Saturday, June 2, 2012


Here is John.

He is 50 years old.  Actually, he is 50 years and three days old in this photo.   Friends, this is actually a bad picture of the Matron's husband.  He has an adorable, sexy semi-smirk that's absent here; also absent is the typical careful attention to hair.   Still.

When the Matron was a Youngish Miss, she and her then-fiance did what most people do when encountering a red light while driving.  They stopped at it.   While stopped, the three young women in the car next to the driver's side honked lightly and . . . . one held up a sign with a phone number.  She looked at John, tapped the sign and pointed to herself enthusiastically.

This is where the Matron (then a Youngish Miss) for the one and only time in her entire life actually really truly had this thought:  "What am I, chopped liver?"

Sometimes, the Matron jokes that John is prettier than she is.  Often this quip is made in her husband's presence.  He has never disagreed.

Look closely at this photo.  See those eyes?   See the firm skin beneath, free of the dreaded eye bags?  This is the last time that face will look so well-rested for the next four days.    The photo marks John's departure on his four day fiftieth birthday road trip.  He had no real plan -- just a tent, a car, a cooler and an open mind.

All the Matron knew was that he was going to do what newly minted fifty year old men do on the open road.

Well, except for what his wife wouldn't want him to do.  Otherwise . . . all that other middle-aged man stuff.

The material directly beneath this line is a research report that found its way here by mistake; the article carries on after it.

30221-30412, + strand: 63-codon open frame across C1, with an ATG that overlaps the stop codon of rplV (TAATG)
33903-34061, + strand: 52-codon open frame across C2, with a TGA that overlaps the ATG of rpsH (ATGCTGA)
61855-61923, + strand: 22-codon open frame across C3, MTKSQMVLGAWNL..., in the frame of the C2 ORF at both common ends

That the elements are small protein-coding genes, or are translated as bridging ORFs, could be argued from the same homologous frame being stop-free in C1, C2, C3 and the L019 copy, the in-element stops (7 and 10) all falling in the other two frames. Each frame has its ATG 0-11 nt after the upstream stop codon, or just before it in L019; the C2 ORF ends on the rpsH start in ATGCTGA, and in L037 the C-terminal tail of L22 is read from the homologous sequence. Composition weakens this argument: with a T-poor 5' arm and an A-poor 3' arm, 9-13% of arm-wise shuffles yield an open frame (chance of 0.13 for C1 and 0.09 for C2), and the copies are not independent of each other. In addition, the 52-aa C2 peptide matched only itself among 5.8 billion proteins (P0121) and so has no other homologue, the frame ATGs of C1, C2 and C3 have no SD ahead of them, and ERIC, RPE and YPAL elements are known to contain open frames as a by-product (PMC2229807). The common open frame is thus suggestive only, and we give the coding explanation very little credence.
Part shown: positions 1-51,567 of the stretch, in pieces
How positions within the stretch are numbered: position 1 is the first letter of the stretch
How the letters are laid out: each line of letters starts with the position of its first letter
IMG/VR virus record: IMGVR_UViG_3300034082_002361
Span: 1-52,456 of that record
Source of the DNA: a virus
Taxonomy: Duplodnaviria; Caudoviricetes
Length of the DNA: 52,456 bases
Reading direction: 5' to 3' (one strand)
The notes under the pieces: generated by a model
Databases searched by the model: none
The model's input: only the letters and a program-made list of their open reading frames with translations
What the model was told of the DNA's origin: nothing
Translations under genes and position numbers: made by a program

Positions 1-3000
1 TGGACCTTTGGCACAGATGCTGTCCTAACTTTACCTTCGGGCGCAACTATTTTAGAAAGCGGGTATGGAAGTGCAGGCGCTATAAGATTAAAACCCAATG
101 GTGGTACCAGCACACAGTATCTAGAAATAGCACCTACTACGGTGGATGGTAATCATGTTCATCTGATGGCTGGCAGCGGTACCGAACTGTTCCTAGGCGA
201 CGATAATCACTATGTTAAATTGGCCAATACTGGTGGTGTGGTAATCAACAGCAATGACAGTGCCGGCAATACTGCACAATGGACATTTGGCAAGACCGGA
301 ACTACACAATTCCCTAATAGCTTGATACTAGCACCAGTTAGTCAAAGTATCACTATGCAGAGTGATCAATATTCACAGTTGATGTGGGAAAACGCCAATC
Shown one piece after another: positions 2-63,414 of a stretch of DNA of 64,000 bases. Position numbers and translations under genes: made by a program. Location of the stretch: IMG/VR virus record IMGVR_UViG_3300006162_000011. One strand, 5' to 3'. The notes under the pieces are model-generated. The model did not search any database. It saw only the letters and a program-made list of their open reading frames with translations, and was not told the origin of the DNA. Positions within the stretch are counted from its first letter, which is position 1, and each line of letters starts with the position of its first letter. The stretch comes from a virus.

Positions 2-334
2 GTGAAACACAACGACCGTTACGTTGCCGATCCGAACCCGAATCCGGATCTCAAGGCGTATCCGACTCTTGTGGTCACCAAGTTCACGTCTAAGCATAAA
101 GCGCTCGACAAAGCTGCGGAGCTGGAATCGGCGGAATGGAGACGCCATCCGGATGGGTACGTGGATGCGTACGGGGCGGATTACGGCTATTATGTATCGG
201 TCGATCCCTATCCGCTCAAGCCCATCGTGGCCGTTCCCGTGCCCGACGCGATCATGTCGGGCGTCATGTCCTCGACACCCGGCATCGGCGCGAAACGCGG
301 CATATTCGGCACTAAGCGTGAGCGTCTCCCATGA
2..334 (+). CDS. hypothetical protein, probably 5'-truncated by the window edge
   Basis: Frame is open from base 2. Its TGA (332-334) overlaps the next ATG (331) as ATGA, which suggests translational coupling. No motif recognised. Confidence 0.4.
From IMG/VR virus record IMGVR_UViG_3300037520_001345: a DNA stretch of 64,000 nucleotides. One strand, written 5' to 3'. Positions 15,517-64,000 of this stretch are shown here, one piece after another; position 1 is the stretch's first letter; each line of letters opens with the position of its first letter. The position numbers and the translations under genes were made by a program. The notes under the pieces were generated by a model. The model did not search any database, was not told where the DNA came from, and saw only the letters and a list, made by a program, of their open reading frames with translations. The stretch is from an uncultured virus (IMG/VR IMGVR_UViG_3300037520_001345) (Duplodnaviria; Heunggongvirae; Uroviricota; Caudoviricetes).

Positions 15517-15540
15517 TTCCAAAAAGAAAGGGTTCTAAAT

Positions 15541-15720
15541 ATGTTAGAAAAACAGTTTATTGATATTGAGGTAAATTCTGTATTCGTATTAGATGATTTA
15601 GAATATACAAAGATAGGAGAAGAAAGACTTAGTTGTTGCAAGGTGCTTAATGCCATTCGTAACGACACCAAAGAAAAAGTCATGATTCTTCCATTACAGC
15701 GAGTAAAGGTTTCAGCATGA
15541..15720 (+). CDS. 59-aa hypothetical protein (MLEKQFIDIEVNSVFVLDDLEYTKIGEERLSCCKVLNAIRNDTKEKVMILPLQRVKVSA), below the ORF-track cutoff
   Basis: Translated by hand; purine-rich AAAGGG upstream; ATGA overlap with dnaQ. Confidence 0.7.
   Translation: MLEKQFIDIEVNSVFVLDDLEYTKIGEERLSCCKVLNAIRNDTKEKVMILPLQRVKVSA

Text from John's first night of trip:  "Camping.  Raccoons in tent all night.   Didn't sleep.  Moved all food.  They know how to unzip stuff."

Text:  "Raccoons can get in zipped tents and open cans."

Text:  "Rain."

Text:  "Raccoons don't like rain.  Might sleep in car."

Text:  "Buying air soft gun for raccoons tomorrow night.  Might sleep in car."

Text:  "Going to hotel.  More later."

Text:  "Open mic at bar in rural wisconsin.  Near toothless man asking me if I know where babes are.  Professional drinkers only."

Text:  "Will there be clean sheets when I come home?"

When that man returned, he did not walk into the house.  Stumbled.  Between the raccoons (he camped with them for two days) and open mic nightmares, he had barely slept in four days.

Matron:  "But did you get what you want out of it?  I mean, the reflection, the time, the sense of a life on the road?"

John, confused:  "Mary.  I slept with raccoons rummaging through my clothes and destroying my tent the first night, up all night with a gun the second.  The tent I put up, took down, put up and took down.  Drove about 30 hours total.  High life was a metallic shed with the sign "bar" slapped on it that appeared to serve only chronic alcoholics in a town of 900.  Raccoons are evil.  If the devil exists, these are his henchmen."

Matron:  "Sounds like PUH-LENTY of material for reflection, sweetie."

John:  "Well . . . I did wonder a few things."

Matron, all eager!!    She could not wait to hear the epiphanies:  life, aging, family, career, love and spirit.  What is it like to actually face fifty -- the inevitable decline and recapping of a life?   What could her beloved share -- or what burden might he bear, ahead of her own impending birthday?  

John:  "Remember those girls, the ones who flashed the phone number at me at that red light?  Way back before children?"

Hmmmmm . . . . yes, the Matron remembered.

John:  "Do you ever wonder what they're doing now?"

Then the Matron understood.  Her husband was doing exactly what fifty year old men do--maybe even especially the pretty ones.   But the Matron didn't say this.

Instead she said:  "Then you're not going to be happy about the new pet raccoon?"

Satisfying reaction ensued.

    (there were clean sheets and no raccoon--sorry, Merrick)